WASHINGTON (AP) — The festering dispute between the CIA and Senate investigators that exploded in public this week shows just how hard it can be to learn from the past and move on.
More than 12 years after the Sept. 11 attacks, the government still is struggling with what kind of public reckoning is due for harsh interrogation techniques introduced by President George W. Bush and banned by his successor, President Barack Obama.
Some questions and answers about how the Senate and the CIA got here and what happens next:
Q: What are the CIA and the senators quarreling about?
A: The CIA likes to hold its secrets close. It's the job of the Senate Intelligence Committee, along with its House counterpart, to keep tabs on the spy agency. Those interests have collided during the Senate committee's exhaustive review of the CIA's detention and interrogation program. Since 2009, the committee has worked on a classified report about waterboarding and other harsh methods used to interrogate suspected terrorists in overseas prisons. This week, the head of the Senate committee, Sen. Dianne Feinstein, D-Calif., went public with complaints that the CIA was interfering with the investigation.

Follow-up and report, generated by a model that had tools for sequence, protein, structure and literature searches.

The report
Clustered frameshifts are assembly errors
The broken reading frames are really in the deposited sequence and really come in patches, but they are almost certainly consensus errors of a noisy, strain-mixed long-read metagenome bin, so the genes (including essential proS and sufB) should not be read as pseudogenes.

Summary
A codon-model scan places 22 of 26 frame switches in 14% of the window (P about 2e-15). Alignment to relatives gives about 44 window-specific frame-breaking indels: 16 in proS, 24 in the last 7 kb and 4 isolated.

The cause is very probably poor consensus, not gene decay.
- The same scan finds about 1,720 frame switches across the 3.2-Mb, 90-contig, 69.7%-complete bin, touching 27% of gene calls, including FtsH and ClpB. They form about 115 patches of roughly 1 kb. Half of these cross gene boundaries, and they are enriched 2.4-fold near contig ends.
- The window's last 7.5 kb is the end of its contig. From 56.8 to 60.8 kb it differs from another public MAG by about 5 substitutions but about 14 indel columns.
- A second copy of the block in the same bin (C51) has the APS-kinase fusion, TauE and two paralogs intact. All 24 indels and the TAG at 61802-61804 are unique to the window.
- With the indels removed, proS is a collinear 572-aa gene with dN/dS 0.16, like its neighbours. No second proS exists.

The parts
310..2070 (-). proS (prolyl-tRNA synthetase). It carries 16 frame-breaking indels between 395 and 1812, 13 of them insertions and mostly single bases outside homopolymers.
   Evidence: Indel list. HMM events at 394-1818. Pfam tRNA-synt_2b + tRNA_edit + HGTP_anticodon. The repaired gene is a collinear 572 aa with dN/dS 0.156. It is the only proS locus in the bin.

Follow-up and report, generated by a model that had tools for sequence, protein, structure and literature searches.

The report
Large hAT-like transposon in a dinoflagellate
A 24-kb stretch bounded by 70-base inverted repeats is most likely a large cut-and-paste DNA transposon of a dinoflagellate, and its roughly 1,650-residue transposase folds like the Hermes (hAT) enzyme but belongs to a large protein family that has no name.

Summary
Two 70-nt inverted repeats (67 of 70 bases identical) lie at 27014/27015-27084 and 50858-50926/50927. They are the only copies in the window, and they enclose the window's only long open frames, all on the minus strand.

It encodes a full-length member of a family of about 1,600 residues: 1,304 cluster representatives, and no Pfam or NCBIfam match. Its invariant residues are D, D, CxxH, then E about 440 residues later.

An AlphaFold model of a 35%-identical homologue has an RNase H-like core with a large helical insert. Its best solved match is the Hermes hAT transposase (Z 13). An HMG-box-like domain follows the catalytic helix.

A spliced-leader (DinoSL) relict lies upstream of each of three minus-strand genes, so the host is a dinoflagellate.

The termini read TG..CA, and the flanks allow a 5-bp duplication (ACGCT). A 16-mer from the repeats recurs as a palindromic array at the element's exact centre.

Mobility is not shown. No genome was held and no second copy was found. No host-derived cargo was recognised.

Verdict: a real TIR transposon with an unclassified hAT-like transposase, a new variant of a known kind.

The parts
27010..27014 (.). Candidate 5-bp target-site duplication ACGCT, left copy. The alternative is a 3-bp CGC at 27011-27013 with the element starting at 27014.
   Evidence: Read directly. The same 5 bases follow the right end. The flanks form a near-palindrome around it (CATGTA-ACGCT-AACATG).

Q: Why is Washington still arguing about this?
A: When Obama took office five years ago, he quickly acted to ban "enhanced interrogation" methods, close the secret prisons and release the Bush-era legal opinions that had authorized the program. Just two months later, Feinstein's committee began its investigation, and soon discovered how arduous a task it can be to unravel the past. The committee has had to plod through 6.2 million pages of CIA documents, shared under strict ground rules that allow investigators to review them only at a CIA-controlled secure site in northern Virginia.
Q: Why is Feinstein so upset with the CIA?